This one is a little bit different and maybe we didn’t explain it well enough over the weekend. Nebraska voted on an expansion of gaming to include “games of chance” at the gaming facilities that are mostly slot or keno halls. Games of chance would include table games like blackjack, craps, roulette, etc.
Because the state had to vote to allow games of chance, sports betting had no chance in Nebraska until that hurdle was cleared. With all games of chance now green-lighted, Nebraska will eventually be a state that discusses sports betting and that could happen sooner rather than later with the aforementioned budget deficits facing every state in the country.
How sports betting works in Nebraska is anybody’s guess at this point in time, but with two major cities, Omaha and Lincoln, very close to the Iowa border, where sports betting is legal and about to get easier when the in-person registration requirement expires on January 1, Nebraska may move fairly quickly to have something up and running in 2021.
Amendment B in South Dakota was an expansion of gaming for the tribal casinos and the casinos in Deadwood. The amendment allowed for sports betting in Deadwood and, by extension, the tribal casinos because of federal law. The measure passed by a pretty decent margin as South Dakota, despite its deeply conservative nature, seems to have no problem with passing expansions of gaming in Deadwood. It’s happened a few times before and happened again on November 3.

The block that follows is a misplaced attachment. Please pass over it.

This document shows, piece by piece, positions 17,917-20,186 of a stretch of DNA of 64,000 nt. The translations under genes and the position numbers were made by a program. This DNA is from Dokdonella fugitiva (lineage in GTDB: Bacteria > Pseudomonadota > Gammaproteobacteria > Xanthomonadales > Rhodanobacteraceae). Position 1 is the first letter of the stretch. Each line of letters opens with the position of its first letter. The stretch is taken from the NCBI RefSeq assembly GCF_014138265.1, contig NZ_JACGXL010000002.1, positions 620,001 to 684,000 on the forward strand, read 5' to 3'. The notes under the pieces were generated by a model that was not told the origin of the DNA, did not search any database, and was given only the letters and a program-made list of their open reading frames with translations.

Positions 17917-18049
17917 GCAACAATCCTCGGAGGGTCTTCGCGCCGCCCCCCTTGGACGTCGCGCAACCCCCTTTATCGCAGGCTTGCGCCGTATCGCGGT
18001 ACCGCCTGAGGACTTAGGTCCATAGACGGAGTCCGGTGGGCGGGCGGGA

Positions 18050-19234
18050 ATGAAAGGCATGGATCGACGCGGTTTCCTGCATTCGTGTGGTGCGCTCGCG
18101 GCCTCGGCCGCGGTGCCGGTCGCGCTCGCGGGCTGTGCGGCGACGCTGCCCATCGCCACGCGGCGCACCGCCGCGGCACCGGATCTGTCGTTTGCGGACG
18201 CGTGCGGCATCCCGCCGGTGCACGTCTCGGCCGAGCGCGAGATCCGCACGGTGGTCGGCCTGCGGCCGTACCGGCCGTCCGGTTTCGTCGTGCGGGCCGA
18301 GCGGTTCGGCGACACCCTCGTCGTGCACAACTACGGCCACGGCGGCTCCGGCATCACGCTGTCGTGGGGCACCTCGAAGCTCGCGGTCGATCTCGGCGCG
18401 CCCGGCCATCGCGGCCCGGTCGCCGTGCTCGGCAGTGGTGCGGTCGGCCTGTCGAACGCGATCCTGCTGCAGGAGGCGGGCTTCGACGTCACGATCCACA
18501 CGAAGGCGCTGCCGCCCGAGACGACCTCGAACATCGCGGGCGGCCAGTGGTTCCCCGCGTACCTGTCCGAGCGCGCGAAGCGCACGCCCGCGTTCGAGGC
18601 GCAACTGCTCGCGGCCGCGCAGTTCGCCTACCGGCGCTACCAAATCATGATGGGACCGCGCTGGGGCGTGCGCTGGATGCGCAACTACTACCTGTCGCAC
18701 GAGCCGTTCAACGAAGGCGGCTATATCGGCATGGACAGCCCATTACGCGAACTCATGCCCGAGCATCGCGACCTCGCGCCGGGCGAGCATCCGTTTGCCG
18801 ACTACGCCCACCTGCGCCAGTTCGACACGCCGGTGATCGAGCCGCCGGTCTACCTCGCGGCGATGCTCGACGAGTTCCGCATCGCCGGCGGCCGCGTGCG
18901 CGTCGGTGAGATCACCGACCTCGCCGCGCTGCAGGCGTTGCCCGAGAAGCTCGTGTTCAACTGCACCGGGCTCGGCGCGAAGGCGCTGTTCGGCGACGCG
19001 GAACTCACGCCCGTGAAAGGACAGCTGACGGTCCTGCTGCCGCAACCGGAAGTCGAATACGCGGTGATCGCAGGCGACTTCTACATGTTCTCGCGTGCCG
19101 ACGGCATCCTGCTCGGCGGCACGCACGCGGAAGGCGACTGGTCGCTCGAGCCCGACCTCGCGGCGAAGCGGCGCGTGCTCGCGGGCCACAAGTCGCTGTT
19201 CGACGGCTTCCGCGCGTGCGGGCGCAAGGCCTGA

Lawmakers will now discuss the framework and decide whether or not online and mobile betting will be allowed in the state. Betting could be limited to the retail side in Deadwood and at the tribal casinos, which would make no sense in a state where most of the population is centered in urban areas a long way from Deadwood, but we’ll see how it all plays out.
Lastly, a bonus mention here for the Commonwealth of Virginia. Virginia has already approved sports betting and was going to be the second state behind Tennessee to have no casinos, but still offer sports betting in an online and mobile-only capacity.
Virginia will start out that way when sports betting launches in the near future, but Virginians voted on Tuesday night to approve the construction of casinos in five cities. Those cities are Bristol, Norfolk, Portsmouth, Danville, and Richmond.
That measure was very likely to pass, as casino companies like Caesars and Hard Rock had already agreed to partnerships with local governments.
It doesn’t change anything about Virginia sports betting except to put a retail component in these new casinos that will be built.
What About The Rest?
Now we’ll wait to see if any state and local races have an impact on the timelines for sports betting in other states across the country. There were no other states with constitutional amendments on the ballot, but the state House of Representatives and state Senate races may have an impact on pending legislation or new legislation.
With so much of the country trending towards allowing sports betting or with legal sports betting already in place, we should see more and more states in 2021 either adopting legislation or putting it to a vote if necessary.